Brain Aneurysm

An aneurysm in the brain is a weak area in an artery in the brain that bulges out and fills with blood. It may also be called an intracranial (skull) aneurysm or a cerebral (brain) aneurysm.

Brain Cancer

Brain cancer is an overgrowth of cells in the brain that form masses called tumors. Cancerous (malignant) brain tumors tend to grow very quickly. They disrupt the way your body works, and this can be life threatening.

Brain Hypoxia

Brain hypoxia, also called cerebral hypoxia, is decreased oxygen in the brain. You are at risk for this condition if you are drowning, choking, suffocating, or in cardiac arrest.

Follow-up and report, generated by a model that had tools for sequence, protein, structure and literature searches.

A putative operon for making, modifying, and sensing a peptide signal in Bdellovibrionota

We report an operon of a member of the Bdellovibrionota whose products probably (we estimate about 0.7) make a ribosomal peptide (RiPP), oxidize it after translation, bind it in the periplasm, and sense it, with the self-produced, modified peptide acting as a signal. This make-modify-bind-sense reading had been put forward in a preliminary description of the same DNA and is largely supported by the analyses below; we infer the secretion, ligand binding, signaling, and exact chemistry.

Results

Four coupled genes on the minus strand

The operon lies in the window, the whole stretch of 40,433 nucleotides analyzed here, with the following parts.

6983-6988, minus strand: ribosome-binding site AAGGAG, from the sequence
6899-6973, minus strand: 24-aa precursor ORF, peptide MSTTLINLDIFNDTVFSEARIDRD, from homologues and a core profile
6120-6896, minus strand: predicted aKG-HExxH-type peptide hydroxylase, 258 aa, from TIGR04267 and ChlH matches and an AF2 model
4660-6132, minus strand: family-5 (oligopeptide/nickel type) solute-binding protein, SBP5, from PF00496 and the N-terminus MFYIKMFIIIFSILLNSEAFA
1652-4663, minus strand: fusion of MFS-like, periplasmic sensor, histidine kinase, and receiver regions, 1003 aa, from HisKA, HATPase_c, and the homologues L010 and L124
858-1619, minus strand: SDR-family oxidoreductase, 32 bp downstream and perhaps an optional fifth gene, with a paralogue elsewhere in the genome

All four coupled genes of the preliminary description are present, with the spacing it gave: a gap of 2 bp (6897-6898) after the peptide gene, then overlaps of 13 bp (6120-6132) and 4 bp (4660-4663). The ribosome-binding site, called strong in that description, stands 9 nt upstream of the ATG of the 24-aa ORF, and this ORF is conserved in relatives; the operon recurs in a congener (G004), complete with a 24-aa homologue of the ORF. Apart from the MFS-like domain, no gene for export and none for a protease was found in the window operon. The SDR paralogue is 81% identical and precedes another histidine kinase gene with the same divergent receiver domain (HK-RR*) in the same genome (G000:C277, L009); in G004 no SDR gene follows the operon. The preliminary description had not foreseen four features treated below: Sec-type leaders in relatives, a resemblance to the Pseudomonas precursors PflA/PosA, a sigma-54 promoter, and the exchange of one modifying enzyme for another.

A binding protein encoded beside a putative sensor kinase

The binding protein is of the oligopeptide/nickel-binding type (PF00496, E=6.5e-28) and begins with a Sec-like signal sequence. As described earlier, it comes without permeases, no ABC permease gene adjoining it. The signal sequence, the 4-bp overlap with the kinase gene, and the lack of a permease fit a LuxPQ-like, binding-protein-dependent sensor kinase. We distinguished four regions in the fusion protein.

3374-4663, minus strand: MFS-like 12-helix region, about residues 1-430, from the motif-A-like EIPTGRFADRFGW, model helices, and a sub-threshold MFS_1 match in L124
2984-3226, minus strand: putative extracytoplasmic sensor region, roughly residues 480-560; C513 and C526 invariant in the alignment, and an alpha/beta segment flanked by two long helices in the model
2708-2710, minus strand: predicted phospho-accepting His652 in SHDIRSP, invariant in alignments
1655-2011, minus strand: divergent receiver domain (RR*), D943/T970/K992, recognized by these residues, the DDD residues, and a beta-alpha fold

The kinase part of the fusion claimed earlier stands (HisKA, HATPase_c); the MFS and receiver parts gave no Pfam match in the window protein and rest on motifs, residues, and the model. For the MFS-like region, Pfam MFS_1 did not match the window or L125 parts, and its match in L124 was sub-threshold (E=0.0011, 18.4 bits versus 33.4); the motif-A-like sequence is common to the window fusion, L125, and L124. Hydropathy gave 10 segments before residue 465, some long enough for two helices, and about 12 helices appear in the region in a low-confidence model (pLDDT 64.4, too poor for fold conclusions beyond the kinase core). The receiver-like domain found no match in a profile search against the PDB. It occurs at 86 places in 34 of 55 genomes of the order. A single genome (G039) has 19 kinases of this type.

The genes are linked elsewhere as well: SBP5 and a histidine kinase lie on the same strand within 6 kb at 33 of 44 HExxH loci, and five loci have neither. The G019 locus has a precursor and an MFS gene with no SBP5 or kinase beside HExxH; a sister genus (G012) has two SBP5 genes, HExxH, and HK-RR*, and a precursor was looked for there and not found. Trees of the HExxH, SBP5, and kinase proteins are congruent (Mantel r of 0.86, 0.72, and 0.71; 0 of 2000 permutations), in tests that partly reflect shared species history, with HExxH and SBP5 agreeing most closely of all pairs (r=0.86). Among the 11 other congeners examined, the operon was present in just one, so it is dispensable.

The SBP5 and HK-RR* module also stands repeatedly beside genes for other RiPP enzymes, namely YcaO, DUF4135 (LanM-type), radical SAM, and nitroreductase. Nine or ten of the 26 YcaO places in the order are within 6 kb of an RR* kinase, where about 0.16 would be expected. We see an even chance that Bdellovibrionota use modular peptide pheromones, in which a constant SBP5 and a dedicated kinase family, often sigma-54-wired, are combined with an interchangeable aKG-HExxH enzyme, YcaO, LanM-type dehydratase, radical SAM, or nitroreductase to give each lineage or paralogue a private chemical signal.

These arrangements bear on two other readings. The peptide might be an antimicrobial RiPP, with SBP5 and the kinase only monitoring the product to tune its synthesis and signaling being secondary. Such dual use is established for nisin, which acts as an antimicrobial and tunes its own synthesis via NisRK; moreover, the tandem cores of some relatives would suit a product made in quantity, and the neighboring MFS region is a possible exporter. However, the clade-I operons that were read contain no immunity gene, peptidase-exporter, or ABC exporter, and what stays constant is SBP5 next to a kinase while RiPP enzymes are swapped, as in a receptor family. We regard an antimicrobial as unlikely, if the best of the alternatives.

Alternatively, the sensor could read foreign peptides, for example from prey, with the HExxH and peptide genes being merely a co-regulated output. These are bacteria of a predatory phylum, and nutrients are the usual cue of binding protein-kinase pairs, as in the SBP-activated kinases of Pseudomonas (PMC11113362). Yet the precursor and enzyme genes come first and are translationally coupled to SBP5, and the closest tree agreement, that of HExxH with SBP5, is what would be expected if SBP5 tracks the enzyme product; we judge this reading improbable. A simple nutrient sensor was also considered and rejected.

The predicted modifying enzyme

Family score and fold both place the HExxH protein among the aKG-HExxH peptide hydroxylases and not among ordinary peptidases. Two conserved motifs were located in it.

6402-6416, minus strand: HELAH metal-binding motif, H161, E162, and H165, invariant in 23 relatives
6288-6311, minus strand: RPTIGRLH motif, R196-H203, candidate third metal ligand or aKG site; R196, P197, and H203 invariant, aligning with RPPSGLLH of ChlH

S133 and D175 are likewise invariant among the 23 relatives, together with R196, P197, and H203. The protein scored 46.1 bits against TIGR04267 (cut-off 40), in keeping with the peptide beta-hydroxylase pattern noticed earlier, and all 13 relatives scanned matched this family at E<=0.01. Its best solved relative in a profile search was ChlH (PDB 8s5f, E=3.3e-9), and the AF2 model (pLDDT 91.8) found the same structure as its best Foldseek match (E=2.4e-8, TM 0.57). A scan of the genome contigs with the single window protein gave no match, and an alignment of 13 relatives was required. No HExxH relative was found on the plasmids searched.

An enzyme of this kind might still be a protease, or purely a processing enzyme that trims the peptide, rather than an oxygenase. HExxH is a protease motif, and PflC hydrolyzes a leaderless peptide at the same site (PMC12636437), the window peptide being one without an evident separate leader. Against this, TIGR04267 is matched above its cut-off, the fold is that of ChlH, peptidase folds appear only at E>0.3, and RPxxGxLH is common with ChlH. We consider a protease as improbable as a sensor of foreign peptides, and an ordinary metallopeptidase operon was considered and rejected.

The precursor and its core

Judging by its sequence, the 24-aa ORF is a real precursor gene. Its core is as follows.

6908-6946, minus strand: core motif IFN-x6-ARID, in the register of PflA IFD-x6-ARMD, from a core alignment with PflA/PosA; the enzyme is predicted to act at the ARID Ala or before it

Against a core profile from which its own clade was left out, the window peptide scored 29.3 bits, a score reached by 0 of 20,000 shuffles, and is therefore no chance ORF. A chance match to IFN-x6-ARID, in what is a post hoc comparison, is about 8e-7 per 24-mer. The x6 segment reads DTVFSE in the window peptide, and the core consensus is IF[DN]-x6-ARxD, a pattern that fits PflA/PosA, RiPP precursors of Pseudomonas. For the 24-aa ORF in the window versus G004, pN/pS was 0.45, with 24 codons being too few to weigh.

Brain Lesions

A brain lesion describes damage or destruction to any part of the brain. It may be due to trauma or any other disease that can cause inflammation, malfunction, or destruction of a brain cells or brain tissue. A lesion may be localized to one part of the brain or they may be widespread. The initial damage may be so small as to not produce any initial symptoms, but progresses over time to cause obvious physical and mental changes.

Brain Tumor

A brain tumor is a collection (or mass) of abnormal cells in the brain. The skull is very rigid and the brain is enclosed, so any growth inside such a restricted space can cause problems. Brain tumors can be cancerous (malignant) or non-cancerous (benign). When benign or malignant tumors grow, they can cause the pressure inside the skull to increase. This can cause brain damage and even death.

Caffeine Overdose